Poussette, Promenade … and Paratext (again)

I’ve been looking at some of the dance music published by James Kerr and Mozart Allan, to see how much instruction they gave either to the musician, or to the dancers.

Having diligently tabulated my findings onto a spreadsheet – after all, that’s just what I do! – it dawned on me that I’ve been at it again – ignoring the tunes, I’ve homed in on the paratext. In a sense, they were still obsessing about ‘getting it right’ and authenticity, just the same as the song and tune collectors a century earlier.

Just think how much fun I’ll have when I get Mozart Allan’s actual published dancing manual. It’s on its way from the USA at the moment.


I’m speaking at the second Pondering Paratext seminar next Wednesday afternoon between 2.30 and 4 pm. There will also be a talk by Dr Hazel Wilkinson.

My talk is entitled ‘Scottish Songs and Dances ‘Preserved in their Native Simplicity’ and ‘Humbly Dedicated’: Paratext in Improbable Places’. Amongst other delights, I’ll be sharing some of my recent findings about subscription lists to Scottish fiddle tunebooks.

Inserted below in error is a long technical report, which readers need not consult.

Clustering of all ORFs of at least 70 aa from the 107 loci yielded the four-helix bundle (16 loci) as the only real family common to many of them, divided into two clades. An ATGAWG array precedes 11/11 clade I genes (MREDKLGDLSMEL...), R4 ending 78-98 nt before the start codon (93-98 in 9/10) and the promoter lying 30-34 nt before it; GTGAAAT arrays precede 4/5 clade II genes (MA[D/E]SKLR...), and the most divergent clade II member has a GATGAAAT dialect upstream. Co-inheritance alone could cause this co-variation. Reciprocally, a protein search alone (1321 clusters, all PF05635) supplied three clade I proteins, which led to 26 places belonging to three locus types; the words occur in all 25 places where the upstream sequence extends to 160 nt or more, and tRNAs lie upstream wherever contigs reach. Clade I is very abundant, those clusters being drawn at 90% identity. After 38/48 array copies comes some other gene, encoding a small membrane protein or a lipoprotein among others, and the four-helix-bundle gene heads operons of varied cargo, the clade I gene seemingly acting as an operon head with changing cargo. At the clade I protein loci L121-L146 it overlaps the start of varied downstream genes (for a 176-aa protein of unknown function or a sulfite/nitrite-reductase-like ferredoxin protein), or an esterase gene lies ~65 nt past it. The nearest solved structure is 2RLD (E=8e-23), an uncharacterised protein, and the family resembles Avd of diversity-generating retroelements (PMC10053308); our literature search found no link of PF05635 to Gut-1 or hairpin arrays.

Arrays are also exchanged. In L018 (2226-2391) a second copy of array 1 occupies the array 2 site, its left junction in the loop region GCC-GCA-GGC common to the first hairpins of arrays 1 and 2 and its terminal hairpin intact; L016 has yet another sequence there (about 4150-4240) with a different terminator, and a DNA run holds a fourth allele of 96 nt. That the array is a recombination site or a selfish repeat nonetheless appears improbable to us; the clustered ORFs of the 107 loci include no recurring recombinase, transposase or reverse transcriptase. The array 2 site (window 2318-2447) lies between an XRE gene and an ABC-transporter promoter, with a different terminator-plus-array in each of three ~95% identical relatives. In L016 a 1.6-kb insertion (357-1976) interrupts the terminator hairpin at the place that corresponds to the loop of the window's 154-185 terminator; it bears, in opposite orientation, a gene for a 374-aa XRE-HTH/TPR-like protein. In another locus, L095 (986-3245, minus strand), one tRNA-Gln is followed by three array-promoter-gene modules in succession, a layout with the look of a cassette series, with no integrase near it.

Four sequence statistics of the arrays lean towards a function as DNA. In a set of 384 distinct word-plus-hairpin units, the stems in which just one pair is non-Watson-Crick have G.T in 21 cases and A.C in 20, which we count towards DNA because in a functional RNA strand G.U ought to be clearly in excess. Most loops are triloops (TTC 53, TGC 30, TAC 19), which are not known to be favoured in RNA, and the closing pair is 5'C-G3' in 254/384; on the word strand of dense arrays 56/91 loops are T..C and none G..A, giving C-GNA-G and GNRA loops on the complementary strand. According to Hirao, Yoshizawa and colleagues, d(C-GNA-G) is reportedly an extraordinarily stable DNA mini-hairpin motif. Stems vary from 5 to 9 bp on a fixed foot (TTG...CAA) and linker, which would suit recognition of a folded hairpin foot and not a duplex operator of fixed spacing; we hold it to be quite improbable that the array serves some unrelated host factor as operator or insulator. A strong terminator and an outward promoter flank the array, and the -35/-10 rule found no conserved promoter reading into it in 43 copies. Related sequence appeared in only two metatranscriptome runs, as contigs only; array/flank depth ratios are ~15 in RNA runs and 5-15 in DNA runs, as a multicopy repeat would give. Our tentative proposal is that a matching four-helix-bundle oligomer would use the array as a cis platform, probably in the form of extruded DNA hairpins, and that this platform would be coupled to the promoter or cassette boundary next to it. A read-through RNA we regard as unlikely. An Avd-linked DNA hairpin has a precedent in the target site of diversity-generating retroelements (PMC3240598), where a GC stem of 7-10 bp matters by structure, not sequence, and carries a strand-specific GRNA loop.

You can book to attend the seminar by clicking this Eventbrite link here – and find out more about the Eighteenth Century Paratext Research Network – by clicking this link.

(Musicologists of this kind of music – do take a closer look at the tune pictured above. The book it comes from is riddled with errors in the basslines – I know this for a fact. So, the first bar and the third bar here are actually very similar, and I’m tempted to play the first bar with the bassline that the third bar uses. I promise not to talk such heresy in my talk, of course, when I shall focus on the paratext rather than the notes themselves!)

18th Century Paratext Network Talks

Two interesting seminars coming up! (I’m speaking at the second.) The schedule is as follows:

24 February, Wednesday 2.30-4pm (GMT)

Dr Dennis Duncan and Dr Kathleen Keown

17 March, Wednesday 2.30-4pm (GMT)